THERE’S LIFE IN THE OLD DOG YET

Wicklow People (West Edition) - - SPORT -

AS IRE­LAND were play­ing out a bat­tling draw with Switzer­land in their Euro 2020 qual­i­fier, I was cel­e­brat­ing turn­ing a year older and be­com­ing as long in the tooth as a wily old wal­rus.

Well, I say cel­e­brat­ing, but my days of pop­ping open the cham­pagne cork are long gone, as each year brings ex­tra creak­ing bones and fur­ther aches and pains to add to the length­en­ing list of ail­ments.

I won’t give away my age, but I’ll put it this way, I’m a good bit older than Ire­land mid­fielder Glenn Whe­lan, al­though I did won­der if the Hearts man can still get a game, would there be a chance of earn­ing a run out my­self, de­spite my ad­vanc­ing years?

The good wife kindly pur­chased a few beers for me for the oc­ca­sion, so I could wet my whis­tle while soak­ing in the ac­tion from the Aviva Sta­dium, and I sat back and prised open a bot­tle of Jour­ney­man pale ale, which was pretty fit­ting when look­ing at some of the rab­ble that were lin­ing out for Ire­land.

How­ever, de­spite hav­ing one of the weak­est Ir­ish squads in liv­ing mem­ory, the main strength of the cur­rent crop is that, de­spite lim­ited abil­ity, the team is stronger than the sum of it parts.

I felt ev­ery year of my age on Thurs­day evening, as any time com­men­ta­tor Ge­orge Hamil­ton men­tioned Fabian Schär’s sur­name the vet­eran songstress Cher sprang to my mind.

When The Shoop Shoop Song is rac­ing through your head you know you’re out of touch with mod­ern liv­ing.

Well, to para­phrase the pop icon, Ire­land cer­tainly must have wished they could turn back time as they weren’t ‘Strong Enough’ when the Newcastle United man fin­ished off a flow­ing move to fire the Swiss in front.

The de­fender had the num­ber 22 em­bla­zoned on the back of his jer­sey, but un­for­tu­nately the Ir­ish play­ers couldn’t catch 22 be­fore he clin­i­cally dis­patched the ball past Dar­ren Ran­dolph.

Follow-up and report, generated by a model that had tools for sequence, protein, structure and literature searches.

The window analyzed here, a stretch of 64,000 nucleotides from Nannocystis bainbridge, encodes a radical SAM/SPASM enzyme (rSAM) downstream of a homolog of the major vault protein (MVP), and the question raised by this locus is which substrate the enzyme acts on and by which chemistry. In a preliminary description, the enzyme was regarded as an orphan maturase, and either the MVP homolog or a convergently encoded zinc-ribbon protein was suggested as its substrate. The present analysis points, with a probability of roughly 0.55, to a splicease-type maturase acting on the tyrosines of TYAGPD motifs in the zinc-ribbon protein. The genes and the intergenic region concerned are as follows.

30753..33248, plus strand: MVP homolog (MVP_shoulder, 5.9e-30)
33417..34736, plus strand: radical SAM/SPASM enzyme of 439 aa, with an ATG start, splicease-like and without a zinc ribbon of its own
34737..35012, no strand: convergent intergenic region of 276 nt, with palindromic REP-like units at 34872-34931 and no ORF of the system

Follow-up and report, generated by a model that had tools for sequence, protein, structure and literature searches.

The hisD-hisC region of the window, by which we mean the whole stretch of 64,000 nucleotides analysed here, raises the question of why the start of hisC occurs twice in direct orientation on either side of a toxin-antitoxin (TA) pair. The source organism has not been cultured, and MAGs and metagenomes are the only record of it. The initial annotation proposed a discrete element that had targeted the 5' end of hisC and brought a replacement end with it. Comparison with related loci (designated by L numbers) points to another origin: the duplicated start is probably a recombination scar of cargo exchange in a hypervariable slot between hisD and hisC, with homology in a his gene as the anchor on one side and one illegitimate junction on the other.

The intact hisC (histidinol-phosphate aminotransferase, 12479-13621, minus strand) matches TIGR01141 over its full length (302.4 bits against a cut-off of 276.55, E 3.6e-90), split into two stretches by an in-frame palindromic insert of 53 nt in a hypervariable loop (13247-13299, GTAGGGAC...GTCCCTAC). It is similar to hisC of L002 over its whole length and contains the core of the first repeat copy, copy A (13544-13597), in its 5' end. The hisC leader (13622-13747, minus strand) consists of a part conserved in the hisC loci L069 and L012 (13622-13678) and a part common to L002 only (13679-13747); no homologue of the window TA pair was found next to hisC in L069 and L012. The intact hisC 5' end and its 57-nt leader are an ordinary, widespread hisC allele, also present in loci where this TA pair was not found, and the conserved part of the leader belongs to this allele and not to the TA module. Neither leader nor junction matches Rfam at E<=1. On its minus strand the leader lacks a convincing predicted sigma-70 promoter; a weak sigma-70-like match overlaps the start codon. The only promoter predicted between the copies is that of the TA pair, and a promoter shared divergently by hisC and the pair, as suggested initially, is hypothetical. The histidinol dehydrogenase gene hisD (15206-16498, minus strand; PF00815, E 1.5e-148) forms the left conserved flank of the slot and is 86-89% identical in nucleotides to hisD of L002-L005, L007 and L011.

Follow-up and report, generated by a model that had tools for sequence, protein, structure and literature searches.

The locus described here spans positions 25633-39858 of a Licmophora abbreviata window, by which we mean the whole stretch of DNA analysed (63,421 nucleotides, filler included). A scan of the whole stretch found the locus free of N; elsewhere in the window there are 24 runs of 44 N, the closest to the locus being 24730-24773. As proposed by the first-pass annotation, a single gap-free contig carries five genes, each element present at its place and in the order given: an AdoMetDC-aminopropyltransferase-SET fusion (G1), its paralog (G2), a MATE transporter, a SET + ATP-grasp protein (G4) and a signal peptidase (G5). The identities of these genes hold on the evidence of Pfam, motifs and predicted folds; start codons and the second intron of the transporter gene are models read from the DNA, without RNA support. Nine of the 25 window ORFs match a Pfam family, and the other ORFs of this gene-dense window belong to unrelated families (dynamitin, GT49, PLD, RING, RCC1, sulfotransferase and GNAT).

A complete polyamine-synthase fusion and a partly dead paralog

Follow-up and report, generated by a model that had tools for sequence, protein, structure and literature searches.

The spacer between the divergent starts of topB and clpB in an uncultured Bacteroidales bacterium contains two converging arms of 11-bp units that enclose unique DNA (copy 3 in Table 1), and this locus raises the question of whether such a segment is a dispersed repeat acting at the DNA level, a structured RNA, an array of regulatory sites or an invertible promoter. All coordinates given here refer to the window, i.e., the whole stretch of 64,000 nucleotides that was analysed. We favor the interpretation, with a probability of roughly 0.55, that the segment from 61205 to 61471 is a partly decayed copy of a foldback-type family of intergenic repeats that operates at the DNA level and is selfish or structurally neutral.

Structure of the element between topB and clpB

How­ever, it stirred a re­ac­tion in the Ir­ish camp, whose at­ti­tude has to be ad­mired, and to con­tinue the Cher theme, they proved they ‘Be­lieve’ in them­selves af­ter con­ced­ing, as they played like demons to res­cue some­thing from the game.

When Mick McCarthy took the Repub­lic of Ire­land job the first time around 23 years ago, Don’t Look Back in Anger by Oa­sis was top of the UK charts, and thank­fully he could re­flect on Thurs­day’s game with­out any ire as his play­ers showed a will­ing­ness to fight un­til the end de­spite be­ing out­played for long pe­ri­ods.

The visi­tors man­aged to bore more holes in the Ir­ish de­fence than you’d find in a slice of Swiss cheese, but mer­ci­fully their at­tack­ers were more like Swiss rolls as they strug­gled to stay on their feet and sprayed in shots that were high enough to reach the snow­capped peaks of the Swiss Alps.

Late bloomer David McGoldrick rose even higher as he leaped ma­jes­ti­cally to head James McClean’s de­flected cross to the net for his first in­ter­na­tional goal.

McClean was as frus­trat­ing as ever, with the Derry man even­tu­ally prov­ing his worth by per­form­ing bril­liantly for the fi­nal ten min­utes af­ter be­ing as blunt as a rolling pin up to that point.

As they did in their away game against Den­mark, Ire­land some­how found an ex­tra gear to grab the equaliser, again in the 85th minute, and that was the one real pos­i­tive to take from a con­test where Ire­land showed con­sid­er­able heart to make up for the ob­vi­ous lack of tal­ent and cre­ativ­ity.

Sec­onds be­fore McGoldrick’s price­less lev­eller, Glenn Whe­lan shook the cross­bar with a lon­grange rocket, prov­ing that, like my­self, there’s life in the old dog yet.

That said, nei­ther of us will be able to keep mo­tor­ing for as long as Cher.

Ge­or­gia then handed me a be­lated, but wel­come, birth­day gift on Sun­day with their sur­prise score­less stale­mate against Den­mark, which puts us in as good a po­si­tion as we could have hoped for en­ter­ing into the busi­ness end of the group.

If Den­mark fail to win against Switzer­land next month, coupled with Ire­land beat­ing Ge­or­gia away on the same night, then a draw in our fi­nal game against Den­mark would be enough to see us through, re­gard­less of what hap­pens in our penul­ti­mate match against the Swiss.

That’s a big if of course, but for now Ire­land’s qual­i­fi­ca­tion hopes for Euro 2020 re­main very much alive and it could come down to a do-or-die match against Den­mark in the Aviva in Novem­ber.

Fingers crossed that our qual­i­fi­ca­tion hopes won’t go down in flames, just like Jesse James.

David McGoldrick cel­e­brates af­ter scor­ing the equaliser against Switzer­land.

Newspapers in English

Newspapers from Ireland

© PressReader. All rights reserved.